Heart Health

14 February 2011

Miscarriage tied to family heart disease history

New findings suggest there could be a link between parents' heart disease and their grown-up daughter's risk of miscarriage.


New findings suggest there could be a link between parents' heart disease and their grown-up daughter's risk of miscarriages.

Researchers in the UK found that women who miscarried twice before having their first child had a higher than average risk of having parents with heart disease. This risk was even higher in women who had miscarried three times before giving birth, said Dr Gordon Smith of Cambridge University and his colleagues.

For the moment, Dr Smith told, this news can't be used to help a woman lower her risk of multiple miscarriages. What it can do, he said, is serve as a clue for researchers studying how genes passed from parent to child affect both problems: heart disease and miscarriage.

The study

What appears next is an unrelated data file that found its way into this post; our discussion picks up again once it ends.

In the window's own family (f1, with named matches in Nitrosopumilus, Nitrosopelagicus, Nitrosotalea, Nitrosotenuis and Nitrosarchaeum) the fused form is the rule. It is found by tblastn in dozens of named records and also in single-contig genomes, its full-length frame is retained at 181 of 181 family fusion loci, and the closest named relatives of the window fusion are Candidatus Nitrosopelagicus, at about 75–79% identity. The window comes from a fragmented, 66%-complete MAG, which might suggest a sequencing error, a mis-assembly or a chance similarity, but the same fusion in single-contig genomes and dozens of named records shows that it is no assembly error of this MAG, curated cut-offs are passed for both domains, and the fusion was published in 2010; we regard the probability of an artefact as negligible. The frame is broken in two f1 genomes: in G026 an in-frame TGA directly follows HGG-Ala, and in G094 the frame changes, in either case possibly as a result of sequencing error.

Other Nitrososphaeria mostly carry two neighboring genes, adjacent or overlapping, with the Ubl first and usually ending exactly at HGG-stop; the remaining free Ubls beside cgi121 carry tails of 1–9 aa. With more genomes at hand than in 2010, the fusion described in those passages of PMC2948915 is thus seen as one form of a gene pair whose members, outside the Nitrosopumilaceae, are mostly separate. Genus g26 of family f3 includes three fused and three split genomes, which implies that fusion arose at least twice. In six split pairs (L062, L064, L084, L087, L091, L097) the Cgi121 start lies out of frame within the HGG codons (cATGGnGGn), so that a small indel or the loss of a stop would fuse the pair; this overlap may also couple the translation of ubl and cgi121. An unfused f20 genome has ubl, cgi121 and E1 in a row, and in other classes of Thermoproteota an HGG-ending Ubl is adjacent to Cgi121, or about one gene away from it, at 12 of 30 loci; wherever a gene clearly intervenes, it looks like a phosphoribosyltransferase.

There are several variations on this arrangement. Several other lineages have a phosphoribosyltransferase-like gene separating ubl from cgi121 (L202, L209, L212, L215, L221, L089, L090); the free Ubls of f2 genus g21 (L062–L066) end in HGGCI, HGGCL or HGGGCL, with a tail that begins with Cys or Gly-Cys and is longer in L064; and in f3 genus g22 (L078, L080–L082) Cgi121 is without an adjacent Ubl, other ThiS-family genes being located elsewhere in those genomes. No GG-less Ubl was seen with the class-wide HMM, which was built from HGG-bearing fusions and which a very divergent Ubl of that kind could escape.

In a previous study of nearly 130,000 Scottish women, Dr Smith and his team had shown that those with frequent miscarriages were more likely to have heart problems as they grew older. This led them to wonder whether such women - already at risk for developing heart disease themselves - were also more likely to have a family history of heart disease, which would suggest the two were genetically related.

So the researchers looked at data on nearly 75,000 women who delivered a first child between 1992 and 2006, along with medical information on the parents of roughly two-thirds of the women.

Compared to women who gave birth without any previous miscarriages, women who had two miscarriages were 25% more likely to have parents who died or were hospitalised due to heart disease. When a woman had three miscarriages before giving birth, she was 56% more likely to have parents with serious heart disease.


Factors like income and education and whether the woman smoked at the time of her first birth didn't explain the link between heart disease in parents and miscarriages in their grown daughters.

In early pregnancy, Dr Smith said, the cardiovascular system must do a great deal to ensure that the pregnancy continues. Some sort of hidden cardiac issues, he added, could definitely affect this process.

Future research might prove there's a link for some women: "If we can identify the gene or genes involved we can potentially identify the mechanism and therefore potentially identify the treatment," Dr Smith said. (Reuters Health/ February 2011)

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